Monday, September 26, 2011

Midland Memories

September, when one finally feels that welcome first hint of autumn, always reminds me of Canada, where I spent 6 years form 1994 to 2000 - first as a deacon at the Catholic Information Centre (as it was then named) and then as a priest at our Paulist parish in Toronto. There, September 26 is the feast of the Canadian Martyrs - – Jesuits Jean de Brebeuf, Isaac Jogues, Antony Daniel, Gabriel Lalemant, Charles Garnier, Noel Chabanel, and Jesuit Oblates Rene Goupil, and Jean de la Lande – whom the US calendar commemorates on October 19 (under the title “North American Martyrs”). Their feast also always reminds me of the beautiful and popular shrine of the Canadian Martyrs at Midland, Ontario – and the perhaps even more significant historical site of the Jesuits’ 17th-cenury mission settlement of Sainte Marie that stands reconstructed in the shadow of the modern shrine church. It makes a great day trip from Toronto, and I remember well my memorable first visit there as a seminarian in 1984 with Paulist Father Jim Donovan and then later taking my own parents there in 1995.

In its time, Sainte Marie was the westernmost European settlement in North America (north of Mexico) and surely qualifies as an integral part of that glorious early history – that epopee des plus brillants exploits of which the French version of the Canadian anthem sings so movingly. But for those Jesuit “Blackrobes” and their associates who lived and labored there - 37 days by canoe from Quebec City, spending long cold winters in smoky “longhouses” in Indian villages and the hot summers in that settlement, following their rigorous religious routine of prayers and spiritual exercises (starting daily at 4:00 a.m.), it was a rough obscure life. It only importance in worldly terms proved, paradoxically, to be its undoing, as conflict between the warring European Powers’ Indian surrogates forced the French Jesuits to leave that outpost after 10 years of intense missionary effort – abandoning what they had earlier built with such undoubtedly high hopes.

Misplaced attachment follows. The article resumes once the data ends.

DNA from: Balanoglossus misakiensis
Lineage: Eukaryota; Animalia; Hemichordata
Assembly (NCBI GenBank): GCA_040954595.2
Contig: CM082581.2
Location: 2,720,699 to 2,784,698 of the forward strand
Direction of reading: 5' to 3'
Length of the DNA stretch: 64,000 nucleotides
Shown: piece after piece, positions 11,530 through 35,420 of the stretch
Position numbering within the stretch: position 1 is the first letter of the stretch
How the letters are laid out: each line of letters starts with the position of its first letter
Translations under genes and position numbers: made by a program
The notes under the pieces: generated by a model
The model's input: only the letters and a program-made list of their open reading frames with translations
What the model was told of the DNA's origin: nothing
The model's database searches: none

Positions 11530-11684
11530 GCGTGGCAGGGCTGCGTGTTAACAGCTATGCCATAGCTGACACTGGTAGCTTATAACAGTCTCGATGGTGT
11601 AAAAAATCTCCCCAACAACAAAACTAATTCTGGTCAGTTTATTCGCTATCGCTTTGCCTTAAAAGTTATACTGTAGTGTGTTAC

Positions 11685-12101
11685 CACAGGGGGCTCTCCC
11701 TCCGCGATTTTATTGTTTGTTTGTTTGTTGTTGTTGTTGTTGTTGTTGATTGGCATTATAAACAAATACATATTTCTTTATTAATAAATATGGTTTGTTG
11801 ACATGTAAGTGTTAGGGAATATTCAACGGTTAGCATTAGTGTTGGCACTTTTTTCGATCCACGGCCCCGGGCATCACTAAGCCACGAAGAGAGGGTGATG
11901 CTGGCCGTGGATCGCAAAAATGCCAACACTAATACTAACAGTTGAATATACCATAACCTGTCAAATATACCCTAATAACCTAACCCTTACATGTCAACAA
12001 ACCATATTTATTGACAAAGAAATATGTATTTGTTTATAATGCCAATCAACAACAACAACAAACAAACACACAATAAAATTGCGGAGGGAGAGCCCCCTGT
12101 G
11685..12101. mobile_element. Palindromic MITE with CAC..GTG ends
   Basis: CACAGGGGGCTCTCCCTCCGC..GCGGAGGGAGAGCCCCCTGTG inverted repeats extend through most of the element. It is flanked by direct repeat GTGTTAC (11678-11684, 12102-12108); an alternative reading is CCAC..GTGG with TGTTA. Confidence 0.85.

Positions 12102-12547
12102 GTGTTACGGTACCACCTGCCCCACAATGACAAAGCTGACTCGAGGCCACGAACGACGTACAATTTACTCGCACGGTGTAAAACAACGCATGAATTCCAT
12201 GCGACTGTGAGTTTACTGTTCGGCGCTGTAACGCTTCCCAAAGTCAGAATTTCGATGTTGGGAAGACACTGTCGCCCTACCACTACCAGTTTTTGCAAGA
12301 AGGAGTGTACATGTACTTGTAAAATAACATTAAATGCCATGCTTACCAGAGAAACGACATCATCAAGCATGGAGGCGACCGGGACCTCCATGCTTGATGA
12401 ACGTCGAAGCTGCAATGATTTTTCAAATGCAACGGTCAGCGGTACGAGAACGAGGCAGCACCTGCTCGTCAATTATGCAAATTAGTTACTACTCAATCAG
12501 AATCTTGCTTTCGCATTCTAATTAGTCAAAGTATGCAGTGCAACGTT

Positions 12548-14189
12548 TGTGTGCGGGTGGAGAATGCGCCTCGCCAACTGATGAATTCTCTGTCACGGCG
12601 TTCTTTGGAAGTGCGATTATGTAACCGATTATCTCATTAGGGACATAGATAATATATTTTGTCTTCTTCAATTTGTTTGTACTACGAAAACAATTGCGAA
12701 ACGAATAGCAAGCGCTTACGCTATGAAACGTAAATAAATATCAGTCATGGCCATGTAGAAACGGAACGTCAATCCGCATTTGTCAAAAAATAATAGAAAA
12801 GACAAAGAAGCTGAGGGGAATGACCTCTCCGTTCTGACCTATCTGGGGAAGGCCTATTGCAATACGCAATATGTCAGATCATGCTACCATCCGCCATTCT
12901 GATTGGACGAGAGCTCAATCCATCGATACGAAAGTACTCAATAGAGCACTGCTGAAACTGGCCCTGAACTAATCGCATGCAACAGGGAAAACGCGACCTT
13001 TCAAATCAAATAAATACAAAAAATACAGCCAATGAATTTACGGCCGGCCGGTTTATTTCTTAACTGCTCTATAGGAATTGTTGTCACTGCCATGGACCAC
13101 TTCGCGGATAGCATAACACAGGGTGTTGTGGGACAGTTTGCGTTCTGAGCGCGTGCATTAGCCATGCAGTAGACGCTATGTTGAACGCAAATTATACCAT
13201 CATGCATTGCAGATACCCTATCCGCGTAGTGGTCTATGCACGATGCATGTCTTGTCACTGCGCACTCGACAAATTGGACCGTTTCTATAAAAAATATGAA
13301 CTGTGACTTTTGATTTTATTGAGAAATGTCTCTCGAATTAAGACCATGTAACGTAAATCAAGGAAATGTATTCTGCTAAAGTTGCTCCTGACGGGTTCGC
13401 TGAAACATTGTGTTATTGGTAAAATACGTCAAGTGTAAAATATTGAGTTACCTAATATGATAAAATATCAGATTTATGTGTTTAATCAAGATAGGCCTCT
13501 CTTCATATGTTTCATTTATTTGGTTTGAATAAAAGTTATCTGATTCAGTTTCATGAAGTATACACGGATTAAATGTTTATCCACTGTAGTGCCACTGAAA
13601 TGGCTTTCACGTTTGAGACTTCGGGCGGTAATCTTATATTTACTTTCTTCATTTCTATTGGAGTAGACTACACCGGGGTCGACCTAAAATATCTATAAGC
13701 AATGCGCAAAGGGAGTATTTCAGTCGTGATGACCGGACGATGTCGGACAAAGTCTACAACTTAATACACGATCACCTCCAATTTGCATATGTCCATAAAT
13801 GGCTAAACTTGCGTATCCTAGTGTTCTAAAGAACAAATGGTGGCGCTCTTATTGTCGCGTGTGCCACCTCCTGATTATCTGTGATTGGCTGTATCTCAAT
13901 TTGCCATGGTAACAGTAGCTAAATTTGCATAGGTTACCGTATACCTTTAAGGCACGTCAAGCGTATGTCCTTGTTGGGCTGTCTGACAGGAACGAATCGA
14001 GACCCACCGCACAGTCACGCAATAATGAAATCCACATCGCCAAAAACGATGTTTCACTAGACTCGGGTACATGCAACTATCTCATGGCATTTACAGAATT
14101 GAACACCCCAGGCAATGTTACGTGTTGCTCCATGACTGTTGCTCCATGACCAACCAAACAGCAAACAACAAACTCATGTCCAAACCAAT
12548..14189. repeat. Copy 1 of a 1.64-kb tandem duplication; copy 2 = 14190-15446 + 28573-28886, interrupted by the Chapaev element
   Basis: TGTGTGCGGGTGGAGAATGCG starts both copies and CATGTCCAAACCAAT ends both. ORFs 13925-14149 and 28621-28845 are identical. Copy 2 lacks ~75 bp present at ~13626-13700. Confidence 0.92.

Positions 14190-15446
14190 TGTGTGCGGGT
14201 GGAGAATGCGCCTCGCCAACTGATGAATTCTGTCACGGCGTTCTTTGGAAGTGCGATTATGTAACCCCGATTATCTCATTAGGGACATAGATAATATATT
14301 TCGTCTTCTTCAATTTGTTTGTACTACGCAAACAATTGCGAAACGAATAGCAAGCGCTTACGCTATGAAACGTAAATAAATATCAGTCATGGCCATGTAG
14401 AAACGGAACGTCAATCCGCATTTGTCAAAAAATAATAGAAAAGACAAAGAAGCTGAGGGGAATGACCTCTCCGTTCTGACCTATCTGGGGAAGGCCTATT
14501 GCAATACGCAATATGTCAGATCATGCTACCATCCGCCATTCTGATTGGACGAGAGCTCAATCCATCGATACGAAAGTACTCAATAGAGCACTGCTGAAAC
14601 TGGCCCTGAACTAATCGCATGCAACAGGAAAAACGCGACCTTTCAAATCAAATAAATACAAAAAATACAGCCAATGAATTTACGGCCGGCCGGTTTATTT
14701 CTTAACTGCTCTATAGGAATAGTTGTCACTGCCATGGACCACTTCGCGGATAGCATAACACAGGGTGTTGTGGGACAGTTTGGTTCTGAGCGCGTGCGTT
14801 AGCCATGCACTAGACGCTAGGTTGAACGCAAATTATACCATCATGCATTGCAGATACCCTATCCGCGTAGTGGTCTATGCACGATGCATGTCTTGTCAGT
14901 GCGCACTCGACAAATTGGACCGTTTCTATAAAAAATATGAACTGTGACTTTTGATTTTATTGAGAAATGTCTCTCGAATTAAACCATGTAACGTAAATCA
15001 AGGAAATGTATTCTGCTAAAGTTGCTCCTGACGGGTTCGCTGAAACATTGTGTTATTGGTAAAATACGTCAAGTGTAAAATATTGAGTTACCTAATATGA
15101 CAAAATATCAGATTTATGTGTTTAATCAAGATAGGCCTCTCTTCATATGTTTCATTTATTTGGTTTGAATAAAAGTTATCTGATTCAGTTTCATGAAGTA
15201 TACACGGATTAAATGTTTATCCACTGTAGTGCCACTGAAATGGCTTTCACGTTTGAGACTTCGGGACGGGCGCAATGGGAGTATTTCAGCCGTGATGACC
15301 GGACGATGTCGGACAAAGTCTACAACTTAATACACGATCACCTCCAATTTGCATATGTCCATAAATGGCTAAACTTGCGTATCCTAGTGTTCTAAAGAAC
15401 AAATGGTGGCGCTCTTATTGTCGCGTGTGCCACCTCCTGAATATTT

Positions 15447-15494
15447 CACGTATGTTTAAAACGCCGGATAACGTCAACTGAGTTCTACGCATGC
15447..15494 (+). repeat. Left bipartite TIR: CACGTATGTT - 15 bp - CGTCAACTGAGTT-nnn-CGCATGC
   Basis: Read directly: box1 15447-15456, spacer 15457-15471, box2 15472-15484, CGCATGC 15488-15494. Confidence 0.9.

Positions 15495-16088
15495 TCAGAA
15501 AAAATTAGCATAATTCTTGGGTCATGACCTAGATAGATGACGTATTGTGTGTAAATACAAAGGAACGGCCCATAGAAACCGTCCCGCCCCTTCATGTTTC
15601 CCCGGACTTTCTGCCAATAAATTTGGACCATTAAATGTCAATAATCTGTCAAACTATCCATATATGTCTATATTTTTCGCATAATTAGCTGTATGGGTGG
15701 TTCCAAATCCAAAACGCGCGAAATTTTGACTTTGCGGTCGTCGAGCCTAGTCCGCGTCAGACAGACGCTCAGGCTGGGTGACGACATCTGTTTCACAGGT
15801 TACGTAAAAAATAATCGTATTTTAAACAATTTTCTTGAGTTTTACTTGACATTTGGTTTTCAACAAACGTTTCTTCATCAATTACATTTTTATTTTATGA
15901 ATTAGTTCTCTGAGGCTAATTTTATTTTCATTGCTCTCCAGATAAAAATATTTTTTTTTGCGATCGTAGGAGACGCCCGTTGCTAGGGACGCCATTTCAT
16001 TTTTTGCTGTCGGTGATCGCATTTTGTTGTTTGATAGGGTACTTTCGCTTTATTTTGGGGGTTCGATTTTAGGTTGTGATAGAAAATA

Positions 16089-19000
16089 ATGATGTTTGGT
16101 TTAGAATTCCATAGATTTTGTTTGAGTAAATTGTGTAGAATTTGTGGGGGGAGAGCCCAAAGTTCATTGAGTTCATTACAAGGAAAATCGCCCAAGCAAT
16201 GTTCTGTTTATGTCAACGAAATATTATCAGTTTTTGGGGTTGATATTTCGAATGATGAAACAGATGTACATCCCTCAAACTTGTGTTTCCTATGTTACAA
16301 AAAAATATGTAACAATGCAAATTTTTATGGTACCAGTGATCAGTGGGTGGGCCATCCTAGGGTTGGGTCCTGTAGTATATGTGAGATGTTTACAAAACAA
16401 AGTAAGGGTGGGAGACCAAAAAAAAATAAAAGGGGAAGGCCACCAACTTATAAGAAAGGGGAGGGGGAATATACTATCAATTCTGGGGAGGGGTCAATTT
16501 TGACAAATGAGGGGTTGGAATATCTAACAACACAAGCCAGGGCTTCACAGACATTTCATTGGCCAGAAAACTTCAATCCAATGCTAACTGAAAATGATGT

At the time, the French Jesuits’ ambitious, impressive, powerful project appeared in worldly terms a colossal failure – as indeed, in the immediate shadow of the cross, must also have appeared the earthly mission of Jesus himself, in whose name those missionaries so heroically struggled.

Now that North America is again becoming mission territory, we do well to keep such apparent failures as well as the seeming successes in mind as we consider anew how to re-establish the Good News in this New World.

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